| Environment News Service
10:15 a.m. May. 1, 2000 PDT
CLEVELAND, Ohio -- A miniature fuel cell with a volume of only five cubic millimeters -- the size of a pencil eraser -- has been developed by researchers at Case Western Reserve University. The new fuel cell was produced using high-tech mini-fabrication techniques.
"The rash of new electronic products on the market over the last dozen years and the rush to further miniaturize these devices has driven the demand for this technology," said Robert Savinell, director of the Ernest B. Yeager Center for Electrochemical Science and associate dean of the Case School of Engineering. Savinell said for the commercial market, the new miniature fuel cells could be used in everything from automobiles to cellphones and computers. "The major portion of the weight and volume of a portable computer or cell phone is the battery system. The size of the power pack is a major limitation for portable electronic devices," he said.
Fuel cells directly convert the chemical energy in a fuel, such as hydrogen or methanol, into electricity. The power generation produces no emissions except water vapor. The fuel cells can deliver more energy per volume and weight than batteries, even when including the volume and weight of the stored fuel.
Savinell is working with co-researchers C.C. Liu, the Walter R. Persons Professor of Sensor Technology at the Case School of Engineering; Morton Litt, professor of macromolecular science at the Case School of Engineering; Jesse Wainright, a principal researcher; and Lauri Dudeck, an engineer.
The team uses minifabrication technology to print multiple layers of fuel cell components onto a substrate that will permit low cost, high volume production of fuel cells rather than building them by hand.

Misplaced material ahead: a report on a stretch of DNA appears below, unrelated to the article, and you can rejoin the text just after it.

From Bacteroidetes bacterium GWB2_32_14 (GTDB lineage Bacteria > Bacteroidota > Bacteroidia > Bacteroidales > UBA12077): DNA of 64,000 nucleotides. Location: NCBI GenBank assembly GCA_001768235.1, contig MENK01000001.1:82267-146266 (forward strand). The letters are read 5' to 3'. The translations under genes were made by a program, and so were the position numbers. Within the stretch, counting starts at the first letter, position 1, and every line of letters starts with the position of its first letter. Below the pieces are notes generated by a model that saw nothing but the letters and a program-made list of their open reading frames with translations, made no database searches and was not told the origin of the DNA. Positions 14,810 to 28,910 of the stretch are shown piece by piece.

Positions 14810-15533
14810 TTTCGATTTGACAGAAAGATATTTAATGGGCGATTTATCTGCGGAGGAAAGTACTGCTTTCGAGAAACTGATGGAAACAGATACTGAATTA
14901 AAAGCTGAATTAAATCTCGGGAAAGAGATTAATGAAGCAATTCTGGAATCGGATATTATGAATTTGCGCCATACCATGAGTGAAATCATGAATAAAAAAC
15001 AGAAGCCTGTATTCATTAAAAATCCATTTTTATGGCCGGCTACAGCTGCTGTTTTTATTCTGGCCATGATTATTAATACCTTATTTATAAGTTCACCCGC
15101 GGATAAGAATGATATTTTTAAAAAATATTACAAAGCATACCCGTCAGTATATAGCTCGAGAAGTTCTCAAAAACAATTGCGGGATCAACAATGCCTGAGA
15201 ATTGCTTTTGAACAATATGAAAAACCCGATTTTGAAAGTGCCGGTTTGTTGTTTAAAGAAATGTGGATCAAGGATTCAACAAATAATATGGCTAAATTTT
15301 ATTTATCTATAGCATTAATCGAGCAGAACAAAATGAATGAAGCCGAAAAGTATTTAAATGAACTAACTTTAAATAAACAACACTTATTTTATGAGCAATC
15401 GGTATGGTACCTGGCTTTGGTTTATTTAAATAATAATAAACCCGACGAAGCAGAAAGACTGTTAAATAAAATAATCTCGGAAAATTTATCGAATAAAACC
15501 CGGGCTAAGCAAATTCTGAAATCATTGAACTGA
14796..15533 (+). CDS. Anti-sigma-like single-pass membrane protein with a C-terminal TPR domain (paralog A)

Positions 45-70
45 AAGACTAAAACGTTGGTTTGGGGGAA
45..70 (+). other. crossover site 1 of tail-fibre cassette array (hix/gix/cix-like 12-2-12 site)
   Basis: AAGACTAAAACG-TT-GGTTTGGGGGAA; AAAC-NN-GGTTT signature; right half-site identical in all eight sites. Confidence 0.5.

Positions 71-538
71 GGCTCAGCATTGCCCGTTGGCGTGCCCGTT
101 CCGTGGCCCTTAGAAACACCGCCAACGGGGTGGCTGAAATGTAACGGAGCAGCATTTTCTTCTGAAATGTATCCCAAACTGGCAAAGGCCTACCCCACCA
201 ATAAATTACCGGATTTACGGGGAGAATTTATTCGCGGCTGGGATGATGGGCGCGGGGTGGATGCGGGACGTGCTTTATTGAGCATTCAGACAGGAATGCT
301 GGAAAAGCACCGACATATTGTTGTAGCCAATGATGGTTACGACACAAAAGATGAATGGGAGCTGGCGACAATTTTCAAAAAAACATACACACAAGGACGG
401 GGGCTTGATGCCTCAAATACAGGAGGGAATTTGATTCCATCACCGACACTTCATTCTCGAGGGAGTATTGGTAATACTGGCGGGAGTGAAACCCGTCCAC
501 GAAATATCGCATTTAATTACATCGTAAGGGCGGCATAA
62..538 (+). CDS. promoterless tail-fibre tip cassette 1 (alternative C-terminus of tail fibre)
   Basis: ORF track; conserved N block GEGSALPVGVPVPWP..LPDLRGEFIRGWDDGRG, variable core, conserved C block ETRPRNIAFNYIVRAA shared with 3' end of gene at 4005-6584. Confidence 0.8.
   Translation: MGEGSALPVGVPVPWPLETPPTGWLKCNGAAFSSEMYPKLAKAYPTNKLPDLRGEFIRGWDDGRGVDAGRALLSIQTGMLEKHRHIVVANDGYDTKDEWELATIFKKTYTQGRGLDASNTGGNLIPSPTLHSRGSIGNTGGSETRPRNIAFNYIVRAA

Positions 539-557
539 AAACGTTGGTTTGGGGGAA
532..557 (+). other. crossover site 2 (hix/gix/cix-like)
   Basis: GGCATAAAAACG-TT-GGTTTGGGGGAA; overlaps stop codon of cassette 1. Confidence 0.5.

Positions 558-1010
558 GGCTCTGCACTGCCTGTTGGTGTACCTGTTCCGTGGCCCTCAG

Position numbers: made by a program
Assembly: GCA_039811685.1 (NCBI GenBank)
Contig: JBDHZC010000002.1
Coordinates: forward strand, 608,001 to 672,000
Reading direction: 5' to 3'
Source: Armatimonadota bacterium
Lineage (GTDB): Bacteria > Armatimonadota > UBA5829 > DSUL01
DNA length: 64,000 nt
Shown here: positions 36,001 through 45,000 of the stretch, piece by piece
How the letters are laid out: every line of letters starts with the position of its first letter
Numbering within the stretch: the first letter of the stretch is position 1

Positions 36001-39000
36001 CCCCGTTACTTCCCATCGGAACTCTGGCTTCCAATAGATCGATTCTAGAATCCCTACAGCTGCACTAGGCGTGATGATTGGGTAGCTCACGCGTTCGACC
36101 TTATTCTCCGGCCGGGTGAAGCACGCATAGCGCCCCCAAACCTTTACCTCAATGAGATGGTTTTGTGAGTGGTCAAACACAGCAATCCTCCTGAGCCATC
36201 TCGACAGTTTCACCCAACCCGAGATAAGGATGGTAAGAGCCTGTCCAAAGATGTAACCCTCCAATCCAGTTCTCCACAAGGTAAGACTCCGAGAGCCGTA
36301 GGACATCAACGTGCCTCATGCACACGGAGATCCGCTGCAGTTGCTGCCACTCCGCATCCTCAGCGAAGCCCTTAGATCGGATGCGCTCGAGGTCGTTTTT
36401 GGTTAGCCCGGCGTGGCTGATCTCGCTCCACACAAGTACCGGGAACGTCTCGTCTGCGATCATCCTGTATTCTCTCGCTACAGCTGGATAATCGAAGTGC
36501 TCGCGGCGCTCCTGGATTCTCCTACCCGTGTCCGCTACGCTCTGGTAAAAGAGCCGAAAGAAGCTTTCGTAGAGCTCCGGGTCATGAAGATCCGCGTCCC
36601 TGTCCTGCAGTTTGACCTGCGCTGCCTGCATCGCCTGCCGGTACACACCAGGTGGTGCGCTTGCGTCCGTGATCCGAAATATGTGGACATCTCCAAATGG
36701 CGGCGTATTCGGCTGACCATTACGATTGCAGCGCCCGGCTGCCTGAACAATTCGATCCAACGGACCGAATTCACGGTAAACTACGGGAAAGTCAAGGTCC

The goal is to produce fuel cells the way that integrated circuits are now manufactured.
"The concepts used in semiconductor processing make it possible to fabricate thousands or millions of devices as easily and in the same time as it takes to fabricate one component by conventional processes. We have created inks for each of the materials needed to create the fuel cell, and discovered how to screenprint those inks onto a structure to form a functioning device," said Savinell.
"This new miniature fuel cell ripens the conditions to someday create micro-systems -- fuel cells coupled with electronic circuitry, micro processors, sensors, and transmitters on a single silicon chip," he said.
The prototype device uses hydrogen, safely stored in a low pressure hydride, as a fuel.
An advanced version of the fuel cell, which would use methanol as a fuel to provide far greater energy storage capability, is under development.
Savinell's research is funded by $2.2 million in grants and contracts from the Defense Advance Research Projects Agency, an arm of the U.S. Department of Defense. He says the military will most likely see this new micro-system technology first.
"Through technology transfer, the military could conceivably couple our fuel cell with miniature sensors that detect motion or even chemical warfare agents, add a transmitter that sends a signal to a remote receiver, and give a soldier advance warning of any threat," said Savinell.
Cars of the future are likely to operate on fuel cells alone, or with a hybrid system using both batteries and fuel cells in which the battery provides power for acceleration and speed and the fuel cell provides energy for longer distances before refueling.
All of the major automotive manufacturers are now developing fuel cells as replacements for internal combustion engines that emit heat-trapping greenhouse gases such as carbon dioxide.
Copyright Environment News Service (ENS) 2000